Spring is often regarded as the default season for all types of garden planting. Harsh winters and the lack of vegetation makes us excited for a new start, a garden, or to improve our landscape once the weather turns warmer.
While spring is often a great time of the year to plant a vegetable garden or flowers, planting for trees is different. The best time to plant a tree, especially in the Midwest states, varies depending on the tree type and climate, but fall is usually the best season.
The autumn season offers cooler temperatures that are still high enough to keep the soil warm, and also brings plenty of rainfall. This combination provides a great opportunity for newly planted trees to establish a root system before the ground freezes and the tree goes dormant.
When the air temperature is consistent and cooler than the soil, a tree is more likely to produce new root growth, without new top growth. These temps give the tree time to grow strong and deep roots, which are crucial when the tree is no longer dormant the following spring. A healthy root structure allows the tree to collect the necessary water and nutrients to grow and leaf before the scorching heat of the summer months stresses the tree.
Fall planting typically leads to healthy trees that are better equipped to handle the stress of heat and drought. Fall planting is also a great way to select your trees based on their autumn colors.
Temperature is more important than following calendar dates when it comes to fall planting. The best time to plant is when the air has cooled but the soil is still warm enough, usually above 50° Fahrenheit. Measure the soil temperature with a soil thermometer for several days in a row to make sure it remains at the required temperature.
The ideal time to plant your trees is about six weeks before hard frosts begin. The exact month to plant a tree in autumn depends on your location and weather, but typically between mid-August and mid-October is the perfect period. A good rule of thumb is that if the trees in your area still have leaves, then it is OK to plant new trees.
Trees and shrubs with a tendency to stress during Midwest summers are better planted in the spring months than in the fall. Avoid planting evergreens in the fall, as midwest winters are typically dry and this can have a negative impact. You should also avoid planting trees in locations that are exposed to cold weather, harsh winds, or in locations that cannot be watered. Follow up with the appropriate tree care, which is crucial for the successful establishment and growth of the tree, whether it’s planted in the spring or fall.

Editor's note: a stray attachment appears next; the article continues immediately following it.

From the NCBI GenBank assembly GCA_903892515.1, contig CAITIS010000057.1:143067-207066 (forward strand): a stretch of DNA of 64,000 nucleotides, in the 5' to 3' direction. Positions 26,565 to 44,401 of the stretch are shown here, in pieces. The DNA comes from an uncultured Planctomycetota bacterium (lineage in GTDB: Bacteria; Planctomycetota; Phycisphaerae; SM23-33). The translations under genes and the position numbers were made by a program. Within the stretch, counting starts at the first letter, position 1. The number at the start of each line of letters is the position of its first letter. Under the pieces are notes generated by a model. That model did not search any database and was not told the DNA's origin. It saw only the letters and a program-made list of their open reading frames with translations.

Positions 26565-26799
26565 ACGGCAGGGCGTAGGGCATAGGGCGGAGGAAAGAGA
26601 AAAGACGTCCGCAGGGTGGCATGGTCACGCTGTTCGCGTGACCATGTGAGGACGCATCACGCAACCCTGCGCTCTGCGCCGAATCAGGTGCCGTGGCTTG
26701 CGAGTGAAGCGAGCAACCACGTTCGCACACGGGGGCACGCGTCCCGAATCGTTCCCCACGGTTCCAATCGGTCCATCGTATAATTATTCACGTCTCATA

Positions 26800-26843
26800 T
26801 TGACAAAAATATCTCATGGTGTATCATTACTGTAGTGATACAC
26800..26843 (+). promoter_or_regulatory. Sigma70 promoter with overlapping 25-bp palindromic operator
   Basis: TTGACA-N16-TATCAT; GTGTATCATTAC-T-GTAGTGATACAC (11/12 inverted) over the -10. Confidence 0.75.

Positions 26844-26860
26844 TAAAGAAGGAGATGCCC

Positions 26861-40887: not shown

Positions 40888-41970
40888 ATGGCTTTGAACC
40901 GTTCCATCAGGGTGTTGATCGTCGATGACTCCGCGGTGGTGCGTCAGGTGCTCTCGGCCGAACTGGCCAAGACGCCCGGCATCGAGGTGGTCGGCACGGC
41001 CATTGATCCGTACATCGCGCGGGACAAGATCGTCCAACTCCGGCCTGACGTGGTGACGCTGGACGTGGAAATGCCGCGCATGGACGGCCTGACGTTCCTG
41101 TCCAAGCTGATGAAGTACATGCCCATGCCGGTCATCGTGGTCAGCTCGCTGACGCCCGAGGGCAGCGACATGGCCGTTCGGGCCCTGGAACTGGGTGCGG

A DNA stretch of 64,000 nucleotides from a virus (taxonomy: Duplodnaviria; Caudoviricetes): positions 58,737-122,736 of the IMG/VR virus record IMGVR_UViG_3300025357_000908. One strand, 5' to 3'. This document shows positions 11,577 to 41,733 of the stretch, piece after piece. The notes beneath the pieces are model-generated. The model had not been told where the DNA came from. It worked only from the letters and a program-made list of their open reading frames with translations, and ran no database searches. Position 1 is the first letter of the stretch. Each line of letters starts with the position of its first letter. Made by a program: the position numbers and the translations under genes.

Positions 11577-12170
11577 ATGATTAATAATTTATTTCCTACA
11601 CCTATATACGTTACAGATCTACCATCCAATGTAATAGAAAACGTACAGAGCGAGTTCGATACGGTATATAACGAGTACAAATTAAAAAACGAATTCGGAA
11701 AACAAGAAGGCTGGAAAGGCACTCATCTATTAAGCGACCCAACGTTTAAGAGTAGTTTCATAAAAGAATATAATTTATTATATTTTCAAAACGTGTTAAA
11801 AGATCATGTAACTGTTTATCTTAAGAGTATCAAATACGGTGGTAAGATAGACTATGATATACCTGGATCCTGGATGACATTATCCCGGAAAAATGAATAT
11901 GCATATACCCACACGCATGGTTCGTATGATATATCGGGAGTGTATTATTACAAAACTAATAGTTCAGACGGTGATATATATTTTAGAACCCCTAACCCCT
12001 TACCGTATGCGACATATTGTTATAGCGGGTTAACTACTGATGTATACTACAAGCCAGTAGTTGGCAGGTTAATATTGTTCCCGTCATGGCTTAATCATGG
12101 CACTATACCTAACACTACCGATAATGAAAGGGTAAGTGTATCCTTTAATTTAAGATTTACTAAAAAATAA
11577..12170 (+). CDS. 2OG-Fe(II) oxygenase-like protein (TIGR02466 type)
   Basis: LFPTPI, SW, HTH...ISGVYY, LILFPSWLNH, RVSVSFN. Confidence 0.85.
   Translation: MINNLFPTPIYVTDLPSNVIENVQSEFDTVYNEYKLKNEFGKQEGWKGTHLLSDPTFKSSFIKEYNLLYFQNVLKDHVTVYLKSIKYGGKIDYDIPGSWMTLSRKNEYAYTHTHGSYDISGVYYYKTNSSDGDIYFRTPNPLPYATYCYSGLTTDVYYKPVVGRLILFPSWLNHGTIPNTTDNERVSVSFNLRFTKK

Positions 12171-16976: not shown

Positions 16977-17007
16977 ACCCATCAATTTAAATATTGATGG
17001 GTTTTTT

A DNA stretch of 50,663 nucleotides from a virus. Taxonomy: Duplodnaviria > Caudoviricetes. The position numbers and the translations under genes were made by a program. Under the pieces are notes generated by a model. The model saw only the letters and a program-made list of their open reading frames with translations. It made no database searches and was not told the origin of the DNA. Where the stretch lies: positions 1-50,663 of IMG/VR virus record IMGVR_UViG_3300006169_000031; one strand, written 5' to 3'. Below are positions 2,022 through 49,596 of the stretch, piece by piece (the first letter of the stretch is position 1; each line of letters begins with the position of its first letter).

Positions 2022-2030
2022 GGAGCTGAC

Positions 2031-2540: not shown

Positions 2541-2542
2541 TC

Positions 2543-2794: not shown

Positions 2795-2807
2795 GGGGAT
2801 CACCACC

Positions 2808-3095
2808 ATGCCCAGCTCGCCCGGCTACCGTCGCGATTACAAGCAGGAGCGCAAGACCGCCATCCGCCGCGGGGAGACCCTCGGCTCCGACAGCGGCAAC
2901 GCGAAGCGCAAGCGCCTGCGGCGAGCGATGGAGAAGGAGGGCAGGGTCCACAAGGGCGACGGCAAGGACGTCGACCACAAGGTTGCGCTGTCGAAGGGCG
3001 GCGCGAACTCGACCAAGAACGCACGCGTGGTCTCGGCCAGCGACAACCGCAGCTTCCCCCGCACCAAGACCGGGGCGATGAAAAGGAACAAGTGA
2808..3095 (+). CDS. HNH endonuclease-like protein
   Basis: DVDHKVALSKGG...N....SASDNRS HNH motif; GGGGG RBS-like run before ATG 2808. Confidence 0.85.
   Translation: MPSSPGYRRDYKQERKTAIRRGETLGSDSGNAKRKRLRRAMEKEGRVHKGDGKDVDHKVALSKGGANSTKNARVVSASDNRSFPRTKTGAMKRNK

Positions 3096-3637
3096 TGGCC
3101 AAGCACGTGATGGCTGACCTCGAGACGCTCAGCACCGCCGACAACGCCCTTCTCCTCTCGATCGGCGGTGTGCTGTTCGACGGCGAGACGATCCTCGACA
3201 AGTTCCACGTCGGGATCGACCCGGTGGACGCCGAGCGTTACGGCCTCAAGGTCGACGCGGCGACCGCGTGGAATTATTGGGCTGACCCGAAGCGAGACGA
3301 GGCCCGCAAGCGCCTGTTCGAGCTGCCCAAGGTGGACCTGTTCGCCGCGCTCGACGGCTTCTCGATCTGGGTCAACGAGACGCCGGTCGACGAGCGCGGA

The procedure for planting trees in the fall varies little from spring tree planting. No matter the season, a little research is required before choosing a tree that will thrive in your location. Evaluate your lawn to make sure the spot you have selected is suitable for that type of tree. Don’t plant anything too close to structures that could be in the way or damaged as the tree grows. Factor in the spread, shape, and height a mature tree will grow into. Know the amount of sun, shade, and rainfall the tree is likely to receive at the planting spot you have in mind.
It is a great idea to call 811 before you begin digging to avoid any underground utility lines. This utility locator service can be a huge time saver and help prevent any utility issues from occurring down the road. It’s easy to get the necessary information quickly so you can dig without worry.
The actual planting process is simple but requires a bit of work. Dig a large, bowl-shaped hole with sloped sides that is deepest in the middle. The depth should be about equal to the tree’s root ball and two to five times the width, depending on the variety of trees you are planting. Always learn the exact recommendations for planting each type of tree before you begin. Avoid digging too deep, as the tree will settle and negatively impact the root system.
After the hole is ready, set the tree in the center and then replace the dirt. Tamp the soil down gently. You want to remove air without causing compaction. The looser soil surrounding the root ball is essential to allow for fast root growth. Make sure the root collar remains just above the soil since this part of the trunk requires oxygen. You may need to add additional soil after watering if there is too much settling.
There are many places to obtain trees to plant, but local nurseries should be your first stop. You can visit them to browse the selection and ask the staff for suggestions or recommendations if you are not sure what to purchase. Some nurseries might even have a fall sale to clear out inventory before the winter months.
If you can’t find what you want locally, trees can be ordered online from numerous retailers and nonprofit organizations and some offer free or low-cost trees. The Arbor Day Foundation has a large selection of trees and will ship right to you. If you have the right conditions to plant them, you can choose from fast-growing trees, flowering trees, fruit trees, and evergreens.